The year Dein left, Arsenal won the FA Cup in a penalty shootout against Manchester United (a result which would bear out the slogan that “there’s no justice in football”, given the way United had dominated the 120 minutes played). It was to be nine years until they won another trophy, once again the FA Cup. True, they followed up that success in 2014 with two more FA Cup triumphs in the next three years, but apart from gaining the runners-up spot in the League in 2016 (ten points behind the surprise of the century, Leicester City) they haven’t come close to winning the Premier League again.
We live in an age when statistics abound in football. Here’s a sobering one for Arsenal fans: since first winning the First Division in 1931, Arsenal have never gone more than 18 years without the title. To maintain that record, they would have to win the Premier League by 2022. That’s not going to happen.
The rot started to set in under Wenger. It seems that an atmosphere of complacency settled on the club. The management was content with the expected top four so weren’t pressing for anything higher and this was known by the players. So they began to do just enough.
Wenger was “persuaded to step down” (in reality, it was the gentlest sacking in the history of the Premier League, and probably came a few years too late). Then the wrong manager was appointed – letting the players vote for the captain was just one example of Unai Emery’s lack of leadership. The admission by David Luiz, after Arsenal’s victory over Manchester United in one of the first games under Mikel Arteta, that the players aren’t fit was honest but an awful indictment of what had been allowed to happen.
The problems which Arteta has inherited were excellently summed up by Tony Evans in The Independent in his report on the one-all home draw with Sheffield United on 18 January (the eleventh draw out of 23 league games, hardly the form of a team challenging for honours):
One of Arsenal’s biggest problems is a lack of leaders. David Luiz does a fine caricature of leadership with his arm-waving and fingerpointing but no one in the side exudes authority. The vacuum in this department was illustrated when Lucas Torreira was hit in the face and knocked prostrate. During the stoppage in play the Gunners stood around uncommunicative, each player seemingly in their own little world. Meanwhile, the United defence conducted an analysis of their performance so far. Only one side looked like a team.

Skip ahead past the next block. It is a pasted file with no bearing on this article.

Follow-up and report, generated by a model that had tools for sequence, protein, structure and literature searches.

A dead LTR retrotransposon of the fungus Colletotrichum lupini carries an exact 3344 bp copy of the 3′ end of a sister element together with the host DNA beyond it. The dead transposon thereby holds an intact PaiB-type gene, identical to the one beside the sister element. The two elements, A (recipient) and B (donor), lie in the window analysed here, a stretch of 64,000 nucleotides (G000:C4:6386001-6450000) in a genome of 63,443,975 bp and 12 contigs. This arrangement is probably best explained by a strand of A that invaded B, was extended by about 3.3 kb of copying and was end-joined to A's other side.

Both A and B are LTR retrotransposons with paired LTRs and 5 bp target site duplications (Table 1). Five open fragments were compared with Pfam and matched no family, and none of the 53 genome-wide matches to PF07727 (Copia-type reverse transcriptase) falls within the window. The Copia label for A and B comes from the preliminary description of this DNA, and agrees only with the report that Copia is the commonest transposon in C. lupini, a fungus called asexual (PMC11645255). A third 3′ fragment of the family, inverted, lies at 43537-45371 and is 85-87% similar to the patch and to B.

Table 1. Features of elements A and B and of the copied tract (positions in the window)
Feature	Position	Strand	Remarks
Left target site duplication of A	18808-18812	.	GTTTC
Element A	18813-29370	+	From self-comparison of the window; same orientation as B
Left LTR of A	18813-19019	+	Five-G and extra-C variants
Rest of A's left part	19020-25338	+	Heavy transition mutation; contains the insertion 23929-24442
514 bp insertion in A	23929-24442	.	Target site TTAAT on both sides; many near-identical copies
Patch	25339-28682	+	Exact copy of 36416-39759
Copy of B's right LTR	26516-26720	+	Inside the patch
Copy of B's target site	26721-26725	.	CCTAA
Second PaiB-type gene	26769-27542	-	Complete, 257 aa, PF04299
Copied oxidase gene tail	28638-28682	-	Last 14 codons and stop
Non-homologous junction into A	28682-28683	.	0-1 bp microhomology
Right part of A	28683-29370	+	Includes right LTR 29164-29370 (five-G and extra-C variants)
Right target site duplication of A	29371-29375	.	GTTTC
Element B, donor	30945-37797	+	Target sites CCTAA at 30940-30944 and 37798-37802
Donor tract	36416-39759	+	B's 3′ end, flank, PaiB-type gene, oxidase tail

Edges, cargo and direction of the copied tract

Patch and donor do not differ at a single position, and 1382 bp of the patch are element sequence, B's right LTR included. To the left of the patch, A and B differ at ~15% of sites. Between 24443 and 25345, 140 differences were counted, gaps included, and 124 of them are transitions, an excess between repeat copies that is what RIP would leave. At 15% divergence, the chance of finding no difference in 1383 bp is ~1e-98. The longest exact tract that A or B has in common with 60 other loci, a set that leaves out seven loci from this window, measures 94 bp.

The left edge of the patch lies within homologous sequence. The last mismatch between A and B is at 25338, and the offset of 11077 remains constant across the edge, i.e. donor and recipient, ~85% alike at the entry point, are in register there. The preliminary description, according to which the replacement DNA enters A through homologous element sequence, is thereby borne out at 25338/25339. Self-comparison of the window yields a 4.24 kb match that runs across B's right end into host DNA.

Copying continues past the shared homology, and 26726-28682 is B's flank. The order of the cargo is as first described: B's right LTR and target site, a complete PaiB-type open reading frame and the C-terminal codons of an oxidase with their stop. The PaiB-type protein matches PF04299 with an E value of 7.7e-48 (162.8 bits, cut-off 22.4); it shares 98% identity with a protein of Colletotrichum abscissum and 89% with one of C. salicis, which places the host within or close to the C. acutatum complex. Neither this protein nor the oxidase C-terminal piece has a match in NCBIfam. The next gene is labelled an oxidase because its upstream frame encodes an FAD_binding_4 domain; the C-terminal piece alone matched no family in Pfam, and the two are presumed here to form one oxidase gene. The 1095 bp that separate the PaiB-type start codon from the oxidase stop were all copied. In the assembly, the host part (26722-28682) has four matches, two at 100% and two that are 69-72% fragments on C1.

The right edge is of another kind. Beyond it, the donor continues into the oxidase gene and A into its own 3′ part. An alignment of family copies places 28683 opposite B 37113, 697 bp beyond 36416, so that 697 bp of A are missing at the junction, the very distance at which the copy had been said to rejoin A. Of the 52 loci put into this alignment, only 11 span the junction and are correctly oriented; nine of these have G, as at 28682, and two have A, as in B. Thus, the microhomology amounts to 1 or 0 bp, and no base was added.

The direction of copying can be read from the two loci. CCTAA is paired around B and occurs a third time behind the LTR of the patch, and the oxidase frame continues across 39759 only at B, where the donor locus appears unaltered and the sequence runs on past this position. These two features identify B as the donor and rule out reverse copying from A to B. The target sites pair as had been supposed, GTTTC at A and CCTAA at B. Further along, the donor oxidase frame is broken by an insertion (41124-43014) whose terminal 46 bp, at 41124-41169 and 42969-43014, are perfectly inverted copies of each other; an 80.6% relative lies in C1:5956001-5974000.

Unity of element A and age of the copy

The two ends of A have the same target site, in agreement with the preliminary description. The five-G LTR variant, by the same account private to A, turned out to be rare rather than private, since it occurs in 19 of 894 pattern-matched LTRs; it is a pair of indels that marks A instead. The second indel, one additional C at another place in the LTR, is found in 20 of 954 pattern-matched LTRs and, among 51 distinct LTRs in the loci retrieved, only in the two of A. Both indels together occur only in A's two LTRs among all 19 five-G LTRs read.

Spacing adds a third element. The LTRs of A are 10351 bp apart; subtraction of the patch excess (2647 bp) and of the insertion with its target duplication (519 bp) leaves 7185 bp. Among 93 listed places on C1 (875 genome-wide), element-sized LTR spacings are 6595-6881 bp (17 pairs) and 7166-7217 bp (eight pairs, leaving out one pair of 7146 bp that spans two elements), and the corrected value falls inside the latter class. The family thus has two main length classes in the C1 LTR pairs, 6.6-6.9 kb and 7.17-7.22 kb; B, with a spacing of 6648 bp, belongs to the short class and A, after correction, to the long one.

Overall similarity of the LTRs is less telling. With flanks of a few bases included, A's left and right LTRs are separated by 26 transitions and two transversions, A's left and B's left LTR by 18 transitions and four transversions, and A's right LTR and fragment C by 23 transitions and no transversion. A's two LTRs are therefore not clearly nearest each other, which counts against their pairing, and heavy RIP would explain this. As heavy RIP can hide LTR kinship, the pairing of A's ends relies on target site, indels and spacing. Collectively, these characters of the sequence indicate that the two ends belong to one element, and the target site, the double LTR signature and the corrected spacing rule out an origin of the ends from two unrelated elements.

These are challenging times for the North London giants. It will need the Arsenal management to give Arteta the time and the money to bring Arsenal back to a position where they can once again regularly challenge for major honours. Saracens’ problem is a different one. To avoid breaking the salary cap they are going to have to allow some of their best players to leave; then try to gain promotion back to the Premiership with a weakened squad, while relying on crowds which are modest compared even to the dwindling gates Arsenal have been experiencing. Some, whose knowledge of rugby is much greater than this author’s, are already writing off Saracens as a force in the game. Football or rugby, North London fans can expect more years in the wilderness.
FOOTNOTE: Some may wonder why there is no mention of Tottenham Hotspur in this piece, another North London club going through difficult times. This is because Tottenham is not a giant club. The myth that it is a great club was laid down in 1961, when they became the first team in the twentieth century to do the “Double”. But that league title, only the second in Tottenham’s history, is their latest. Tottenham last won the FA Cup in 1991. Since then, their trophy cabinet has been graced with the League Cup (twice). These are not the statistics of a great club.
[i] Preston North End were unbeaten in the 1888-89 season, but they played only 22 games. Arsenal's achievement in 2003-04 has – so far – been the only instance in the English league of a club remaining unbeaten for a whole season of more than 30 games.